FULLER v. The STATE.
A jury found John Fuller guilty of two counts of armed robbery, aggravated assault, and possession of a firearm by a convicted felon during the commission of a felony. Fuller appeals, alleging (1) the evidence was insufficient to support the jury's verdict, (2) the trial court erred in admitting evidence of a similar transaction, (3) the trial court erred in charging the jury, (4) the trial court erred in overruling one of his evidentiary objections, and (5) he received ineffective assistance of trial counsel. We find no error and affirm Fuller's convictions.
1. On appeal from a criminal conviction, we view the evidence in the light most favorable to support the jury's verdict, and the defendant no longer enjoys a presumption of innocence; moreover, this Court determines evidence sufficiency and does not weigh the evidence or determine witness credibility.1 “Resolving evidentiary conflicts and inconsistencies, and assessing witness credibility, are the province of the factfinder, not this Court.” 2 As long as there is some competent evidence, even though contradicted, to support each necessary element of the state's case, this Court will uphold the jury's verdict.3
Viewed in that light, the evidence shows that on November 20, 2002, two employees at a U.S. Wireless store heard noises coming from the back of the store and went to investigate. Both victims saw Fuller in the back of the store. Fuller pointed a gun at them and demanded they give him all their money. Both victims were frightened, and Fuller commented that he was going to “blow [their] f-ing brains out.”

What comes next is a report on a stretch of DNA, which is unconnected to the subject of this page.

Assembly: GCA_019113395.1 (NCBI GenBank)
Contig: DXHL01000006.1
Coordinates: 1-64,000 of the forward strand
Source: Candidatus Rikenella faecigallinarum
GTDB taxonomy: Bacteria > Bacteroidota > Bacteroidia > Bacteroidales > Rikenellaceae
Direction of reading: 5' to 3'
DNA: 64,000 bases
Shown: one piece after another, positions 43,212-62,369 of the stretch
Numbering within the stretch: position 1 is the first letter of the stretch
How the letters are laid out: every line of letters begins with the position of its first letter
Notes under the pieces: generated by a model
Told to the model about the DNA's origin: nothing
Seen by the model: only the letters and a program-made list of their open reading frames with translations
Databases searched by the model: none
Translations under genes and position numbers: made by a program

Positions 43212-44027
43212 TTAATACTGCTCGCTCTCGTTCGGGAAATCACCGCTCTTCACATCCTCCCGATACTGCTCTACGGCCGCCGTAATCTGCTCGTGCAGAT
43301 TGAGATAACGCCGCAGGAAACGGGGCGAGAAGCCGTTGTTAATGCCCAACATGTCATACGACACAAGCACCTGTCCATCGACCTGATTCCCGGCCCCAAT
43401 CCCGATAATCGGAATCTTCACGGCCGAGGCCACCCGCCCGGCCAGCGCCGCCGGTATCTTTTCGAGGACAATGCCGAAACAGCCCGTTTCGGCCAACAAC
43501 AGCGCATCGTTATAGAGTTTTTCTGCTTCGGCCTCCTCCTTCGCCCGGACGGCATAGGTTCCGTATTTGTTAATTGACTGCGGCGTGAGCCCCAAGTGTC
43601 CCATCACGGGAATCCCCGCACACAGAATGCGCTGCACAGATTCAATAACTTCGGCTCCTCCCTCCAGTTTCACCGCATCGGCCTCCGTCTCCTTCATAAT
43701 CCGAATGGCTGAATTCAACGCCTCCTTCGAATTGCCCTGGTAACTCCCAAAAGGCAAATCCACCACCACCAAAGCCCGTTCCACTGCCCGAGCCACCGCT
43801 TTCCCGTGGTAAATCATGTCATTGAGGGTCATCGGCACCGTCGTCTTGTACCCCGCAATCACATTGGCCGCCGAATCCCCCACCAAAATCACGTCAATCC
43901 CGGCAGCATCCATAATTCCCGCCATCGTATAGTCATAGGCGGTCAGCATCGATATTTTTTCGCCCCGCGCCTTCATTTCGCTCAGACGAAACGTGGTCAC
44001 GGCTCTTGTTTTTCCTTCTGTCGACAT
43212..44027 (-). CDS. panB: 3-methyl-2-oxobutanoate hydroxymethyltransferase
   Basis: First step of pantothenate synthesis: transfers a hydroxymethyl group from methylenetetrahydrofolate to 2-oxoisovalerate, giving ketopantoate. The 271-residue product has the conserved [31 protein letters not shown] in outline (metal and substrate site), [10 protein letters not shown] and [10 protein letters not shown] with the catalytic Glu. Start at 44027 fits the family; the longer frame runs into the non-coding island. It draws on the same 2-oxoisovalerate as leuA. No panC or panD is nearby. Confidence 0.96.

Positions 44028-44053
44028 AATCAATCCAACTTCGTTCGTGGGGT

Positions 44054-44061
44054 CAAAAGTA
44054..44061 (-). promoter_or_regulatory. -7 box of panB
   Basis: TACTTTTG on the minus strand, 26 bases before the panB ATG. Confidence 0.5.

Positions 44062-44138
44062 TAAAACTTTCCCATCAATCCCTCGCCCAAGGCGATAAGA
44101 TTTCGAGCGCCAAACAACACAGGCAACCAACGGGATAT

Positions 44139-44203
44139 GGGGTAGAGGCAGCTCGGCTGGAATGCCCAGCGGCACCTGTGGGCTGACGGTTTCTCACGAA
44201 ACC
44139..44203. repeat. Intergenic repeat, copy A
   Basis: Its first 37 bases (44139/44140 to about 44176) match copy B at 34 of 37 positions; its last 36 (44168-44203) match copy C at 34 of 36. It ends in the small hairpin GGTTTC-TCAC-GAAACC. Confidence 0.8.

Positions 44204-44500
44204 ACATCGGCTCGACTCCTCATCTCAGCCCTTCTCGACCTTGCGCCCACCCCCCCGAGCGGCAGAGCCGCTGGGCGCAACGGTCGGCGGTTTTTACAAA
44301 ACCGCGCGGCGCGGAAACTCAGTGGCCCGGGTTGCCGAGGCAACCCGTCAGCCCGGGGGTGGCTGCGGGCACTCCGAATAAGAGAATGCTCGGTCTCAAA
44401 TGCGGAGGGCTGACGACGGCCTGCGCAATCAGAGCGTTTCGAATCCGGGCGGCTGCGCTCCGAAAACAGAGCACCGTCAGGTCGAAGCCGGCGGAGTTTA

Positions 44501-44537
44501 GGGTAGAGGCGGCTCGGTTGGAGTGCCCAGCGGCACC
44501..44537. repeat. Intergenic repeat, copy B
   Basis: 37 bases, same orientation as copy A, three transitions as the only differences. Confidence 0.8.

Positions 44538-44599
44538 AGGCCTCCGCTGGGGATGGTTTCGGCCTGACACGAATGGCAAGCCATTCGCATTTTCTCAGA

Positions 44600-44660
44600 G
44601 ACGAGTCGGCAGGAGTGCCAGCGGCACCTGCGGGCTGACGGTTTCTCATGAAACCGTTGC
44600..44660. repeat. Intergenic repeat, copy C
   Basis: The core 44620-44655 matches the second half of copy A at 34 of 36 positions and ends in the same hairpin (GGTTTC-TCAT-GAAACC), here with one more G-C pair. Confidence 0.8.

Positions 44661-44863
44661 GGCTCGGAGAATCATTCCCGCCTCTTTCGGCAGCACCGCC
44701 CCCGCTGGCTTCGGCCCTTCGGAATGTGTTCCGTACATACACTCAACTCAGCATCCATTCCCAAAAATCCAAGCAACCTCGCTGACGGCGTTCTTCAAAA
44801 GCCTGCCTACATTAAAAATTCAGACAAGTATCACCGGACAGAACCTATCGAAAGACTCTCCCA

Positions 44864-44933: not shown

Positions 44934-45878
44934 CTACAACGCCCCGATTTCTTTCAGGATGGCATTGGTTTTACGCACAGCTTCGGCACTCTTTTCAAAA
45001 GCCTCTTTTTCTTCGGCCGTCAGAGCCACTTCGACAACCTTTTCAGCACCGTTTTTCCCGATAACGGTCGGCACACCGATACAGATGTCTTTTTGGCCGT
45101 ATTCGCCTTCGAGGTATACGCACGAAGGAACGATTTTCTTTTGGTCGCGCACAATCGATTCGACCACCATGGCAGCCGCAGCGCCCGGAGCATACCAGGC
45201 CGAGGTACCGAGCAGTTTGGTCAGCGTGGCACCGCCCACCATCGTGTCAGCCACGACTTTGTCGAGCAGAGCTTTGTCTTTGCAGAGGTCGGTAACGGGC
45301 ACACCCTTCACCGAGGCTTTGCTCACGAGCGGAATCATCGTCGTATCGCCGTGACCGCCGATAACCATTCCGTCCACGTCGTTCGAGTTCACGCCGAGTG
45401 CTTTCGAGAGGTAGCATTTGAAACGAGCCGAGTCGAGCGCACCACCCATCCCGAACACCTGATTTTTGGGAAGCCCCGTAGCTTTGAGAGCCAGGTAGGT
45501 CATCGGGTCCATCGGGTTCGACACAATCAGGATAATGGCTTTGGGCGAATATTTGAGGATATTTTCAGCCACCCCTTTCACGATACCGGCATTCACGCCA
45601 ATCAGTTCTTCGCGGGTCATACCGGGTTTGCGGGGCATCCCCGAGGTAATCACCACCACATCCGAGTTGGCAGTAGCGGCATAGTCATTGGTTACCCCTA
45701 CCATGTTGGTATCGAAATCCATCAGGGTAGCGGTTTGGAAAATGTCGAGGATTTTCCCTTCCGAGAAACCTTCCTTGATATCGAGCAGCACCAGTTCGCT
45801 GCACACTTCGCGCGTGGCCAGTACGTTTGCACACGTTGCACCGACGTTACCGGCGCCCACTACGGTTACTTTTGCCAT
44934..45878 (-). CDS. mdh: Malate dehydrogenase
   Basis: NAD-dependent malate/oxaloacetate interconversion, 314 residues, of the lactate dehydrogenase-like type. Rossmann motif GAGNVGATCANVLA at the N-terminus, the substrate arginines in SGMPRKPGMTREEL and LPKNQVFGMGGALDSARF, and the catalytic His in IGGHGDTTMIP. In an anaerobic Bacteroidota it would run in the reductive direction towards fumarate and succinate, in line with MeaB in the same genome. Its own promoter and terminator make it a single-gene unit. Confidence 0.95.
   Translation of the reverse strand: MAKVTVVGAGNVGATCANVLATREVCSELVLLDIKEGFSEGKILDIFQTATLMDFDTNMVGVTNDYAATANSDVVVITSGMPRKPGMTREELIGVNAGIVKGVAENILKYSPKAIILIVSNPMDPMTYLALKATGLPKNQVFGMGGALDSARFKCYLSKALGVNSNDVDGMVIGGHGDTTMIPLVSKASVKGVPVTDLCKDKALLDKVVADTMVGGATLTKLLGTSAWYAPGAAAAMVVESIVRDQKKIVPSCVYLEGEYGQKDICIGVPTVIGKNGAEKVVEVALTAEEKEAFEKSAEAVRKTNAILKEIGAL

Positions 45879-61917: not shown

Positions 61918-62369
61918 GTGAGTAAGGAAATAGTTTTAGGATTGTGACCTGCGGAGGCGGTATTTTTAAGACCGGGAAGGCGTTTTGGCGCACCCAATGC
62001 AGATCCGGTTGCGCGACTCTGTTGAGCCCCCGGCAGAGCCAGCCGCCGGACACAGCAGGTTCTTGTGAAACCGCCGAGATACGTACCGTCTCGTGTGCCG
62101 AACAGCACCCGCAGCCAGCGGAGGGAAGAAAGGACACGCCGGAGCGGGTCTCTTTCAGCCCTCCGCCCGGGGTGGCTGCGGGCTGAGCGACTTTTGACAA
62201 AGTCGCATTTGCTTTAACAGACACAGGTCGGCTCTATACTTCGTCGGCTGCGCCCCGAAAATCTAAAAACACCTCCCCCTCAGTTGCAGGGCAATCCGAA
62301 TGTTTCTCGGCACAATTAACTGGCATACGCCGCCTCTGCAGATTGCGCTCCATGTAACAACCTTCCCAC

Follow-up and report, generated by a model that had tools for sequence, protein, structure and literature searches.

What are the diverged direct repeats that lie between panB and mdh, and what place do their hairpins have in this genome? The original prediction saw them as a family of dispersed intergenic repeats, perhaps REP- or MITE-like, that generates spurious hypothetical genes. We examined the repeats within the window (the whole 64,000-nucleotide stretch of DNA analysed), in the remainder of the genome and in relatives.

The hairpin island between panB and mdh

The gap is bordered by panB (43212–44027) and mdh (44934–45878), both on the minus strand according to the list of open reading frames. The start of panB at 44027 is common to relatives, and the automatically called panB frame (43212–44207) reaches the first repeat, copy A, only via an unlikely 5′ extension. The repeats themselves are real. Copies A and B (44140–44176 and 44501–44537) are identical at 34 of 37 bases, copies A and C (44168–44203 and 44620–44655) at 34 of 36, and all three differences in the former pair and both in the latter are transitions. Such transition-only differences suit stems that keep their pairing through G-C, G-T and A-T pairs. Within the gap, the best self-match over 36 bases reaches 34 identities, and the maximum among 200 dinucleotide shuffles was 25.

Fuller marched both victims to the front of the store while holding them at gunpoint. He ordered one of the victims to open the cash register, and Fuller took all the money except the $1 bills from the cash register. Fuller then forced the victims into the store's bathroom. Fuller told the victims he had someone watching the front of the store and that if they came out of the bathroom or called the police, he would kill them. However, as soon as he heard the store door shut, one of the victims ran out of the store.
The victim ran to his car and followed Fuller. Although the victim subsequently lost Fuller, he provided a 911 dispatcher with the tag number and description of the vehicle driven by Fuller. When the dispatcher ran the tag number, it came back registered to a vehicle matching the description provided by the victim. The car had been rented five days earlier by Fuller's wife. In addition to describing the car, the victim described the clothing worn by Fuller, including a dark blue sweatshirt and a dark jogging cap on his head.